Article published in The Guardian commenting on the impact of economic abuse for women and children

 

 

 

 

The Guardian has published an article this week highlighting the far reaching implications of economic abuse. The journalist Louise Tickle focuses on the long term impact economic abuse can have many years after a relationship has ended. She points to how partners can maliciously destroy property resulting in unexpected costs which cannot then be met by victims. It highlights how some abusive partners send damning emails to landlords or employers stifling opportunities to rent property or start a new job. Other cases have come to light which included partners contacting colleges or universities claiming damaging criminal behaviour such as child abuse or criminal activity. This may result in delays to completing courses or women leaving to avoid confrontation.  Additionally, victims may be forced to commit fraud or build up debts destroying future credit ratings. Economic abuse can be seen as another facet of controlling behaviour preventing victims from gaining independence and stifling chances of escape.  The article can be accessed here.

Charities such as Surviving Economic Abuse believe that economic abuse needs tighter regulation in the UK and some call for financial compensation for victims of these types of behaviours saying this should be paid for by the perpetrators themselves.

The UK Government’s UK, 2017 Drug Strategy

The stated aim of the UK Government’s 2017 Drug Strategy is to “build a safer, healthier society: one that works for everyone.” Furthermore to, “to improve life chances and protect the most vulnerable.” The government hopes to achieve these key aims by cross-government working and engaging those from the drugs field, health and criminal justice setting including specialists from academia, practitioners and service users.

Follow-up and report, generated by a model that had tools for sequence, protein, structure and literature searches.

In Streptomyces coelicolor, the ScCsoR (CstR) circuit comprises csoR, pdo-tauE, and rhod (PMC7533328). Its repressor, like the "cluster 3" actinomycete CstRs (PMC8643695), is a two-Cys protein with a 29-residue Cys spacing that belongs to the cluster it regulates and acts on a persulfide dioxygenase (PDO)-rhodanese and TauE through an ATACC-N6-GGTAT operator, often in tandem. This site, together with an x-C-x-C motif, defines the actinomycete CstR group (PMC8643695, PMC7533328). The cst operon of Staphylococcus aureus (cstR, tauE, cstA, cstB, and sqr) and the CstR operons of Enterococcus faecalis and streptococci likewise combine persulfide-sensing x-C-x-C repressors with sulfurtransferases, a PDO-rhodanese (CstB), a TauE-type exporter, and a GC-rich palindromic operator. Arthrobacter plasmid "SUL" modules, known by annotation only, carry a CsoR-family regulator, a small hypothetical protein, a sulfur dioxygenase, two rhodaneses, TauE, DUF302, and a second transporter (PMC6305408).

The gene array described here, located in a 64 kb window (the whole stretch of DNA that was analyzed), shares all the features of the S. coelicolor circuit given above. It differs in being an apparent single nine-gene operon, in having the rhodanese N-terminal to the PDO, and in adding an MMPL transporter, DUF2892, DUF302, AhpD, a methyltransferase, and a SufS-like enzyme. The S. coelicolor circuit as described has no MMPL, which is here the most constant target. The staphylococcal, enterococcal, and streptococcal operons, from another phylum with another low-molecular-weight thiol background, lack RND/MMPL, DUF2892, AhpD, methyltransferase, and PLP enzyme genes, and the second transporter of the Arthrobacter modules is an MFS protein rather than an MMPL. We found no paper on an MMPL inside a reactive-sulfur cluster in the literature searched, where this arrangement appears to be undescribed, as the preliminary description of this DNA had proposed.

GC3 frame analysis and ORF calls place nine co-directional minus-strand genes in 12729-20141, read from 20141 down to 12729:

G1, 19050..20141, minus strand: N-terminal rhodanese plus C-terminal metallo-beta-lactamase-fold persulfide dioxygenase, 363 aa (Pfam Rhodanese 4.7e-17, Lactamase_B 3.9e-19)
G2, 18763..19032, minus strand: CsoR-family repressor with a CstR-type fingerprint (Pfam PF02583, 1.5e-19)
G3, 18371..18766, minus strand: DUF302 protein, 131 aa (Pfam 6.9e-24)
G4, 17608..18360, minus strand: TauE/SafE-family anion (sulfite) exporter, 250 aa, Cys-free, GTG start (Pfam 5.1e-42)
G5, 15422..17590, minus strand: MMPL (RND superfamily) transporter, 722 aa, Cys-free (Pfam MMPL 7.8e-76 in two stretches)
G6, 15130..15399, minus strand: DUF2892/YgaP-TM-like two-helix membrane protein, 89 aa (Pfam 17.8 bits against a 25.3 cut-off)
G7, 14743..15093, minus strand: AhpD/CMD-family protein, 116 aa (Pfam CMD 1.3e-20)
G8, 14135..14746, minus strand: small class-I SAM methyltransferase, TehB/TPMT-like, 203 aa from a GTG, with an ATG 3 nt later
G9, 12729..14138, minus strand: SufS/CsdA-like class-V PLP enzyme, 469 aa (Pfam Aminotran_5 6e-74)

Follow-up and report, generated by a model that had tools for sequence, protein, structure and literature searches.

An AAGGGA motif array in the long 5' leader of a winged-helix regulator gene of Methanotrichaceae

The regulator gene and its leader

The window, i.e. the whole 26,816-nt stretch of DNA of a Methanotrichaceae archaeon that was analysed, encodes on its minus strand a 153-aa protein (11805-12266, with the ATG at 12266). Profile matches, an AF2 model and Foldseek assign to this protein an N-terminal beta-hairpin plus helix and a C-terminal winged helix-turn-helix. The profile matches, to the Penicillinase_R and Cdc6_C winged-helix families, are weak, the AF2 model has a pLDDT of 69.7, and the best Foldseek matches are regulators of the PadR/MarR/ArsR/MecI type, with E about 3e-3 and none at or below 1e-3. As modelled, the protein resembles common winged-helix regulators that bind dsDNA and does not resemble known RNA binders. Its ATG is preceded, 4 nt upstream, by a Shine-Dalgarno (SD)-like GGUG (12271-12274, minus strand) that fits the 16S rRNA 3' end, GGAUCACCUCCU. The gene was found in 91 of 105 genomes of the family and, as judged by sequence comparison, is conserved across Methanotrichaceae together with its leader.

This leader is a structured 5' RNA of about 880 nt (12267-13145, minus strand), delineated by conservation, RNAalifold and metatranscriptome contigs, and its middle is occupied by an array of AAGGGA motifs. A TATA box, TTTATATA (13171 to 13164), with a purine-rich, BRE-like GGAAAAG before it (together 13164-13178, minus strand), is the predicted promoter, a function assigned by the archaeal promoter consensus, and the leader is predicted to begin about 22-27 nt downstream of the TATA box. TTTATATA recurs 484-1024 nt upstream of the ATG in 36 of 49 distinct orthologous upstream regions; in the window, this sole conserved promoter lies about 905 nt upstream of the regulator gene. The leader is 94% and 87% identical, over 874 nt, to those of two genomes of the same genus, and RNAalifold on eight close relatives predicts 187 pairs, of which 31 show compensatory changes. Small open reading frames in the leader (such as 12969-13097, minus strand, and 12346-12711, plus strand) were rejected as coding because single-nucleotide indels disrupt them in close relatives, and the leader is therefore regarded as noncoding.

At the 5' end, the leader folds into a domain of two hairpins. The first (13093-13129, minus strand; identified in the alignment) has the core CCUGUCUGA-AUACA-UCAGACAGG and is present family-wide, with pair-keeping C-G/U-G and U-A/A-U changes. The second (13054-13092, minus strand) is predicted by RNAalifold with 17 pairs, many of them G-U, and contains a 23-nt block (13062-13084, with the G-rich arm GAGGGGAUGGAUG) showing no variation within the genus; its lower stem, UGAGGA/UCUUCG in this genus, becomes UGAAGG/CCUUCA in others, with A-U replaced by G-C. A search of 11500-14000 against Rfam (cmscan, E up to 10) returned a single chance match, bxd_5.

Intimate partner violence (IPV) and abuse has been given a particular remit within the 2017 drug strategy – to explore links between substance misuse and IPV, with a view to producing innovative approaches to working with both victims and perpetrators to reduce the offending behaviour and the substance misuse. The need to support those families where domestic violence features, is also recognised. In particular, The Troubled Families Programme has been expanded to include supporting family members where domestic abuse, substance misuse and mental health problems are prevalent.

A copy of the 2017 Drugs Strategy can be downloaded here.

 

 

International Women’s Day 2018 – 8th March

 

 

The Centre for Violence Prevention Institute of Health and Society based at the University of Worcester are a group of multi agency professionals (police, nurses, social work, specialist domestic abuse workers and counsellors) training together to address domestic abuse.  This photo was taken to promote international women’s day (IWD). Find out more about their training events, publications and conference here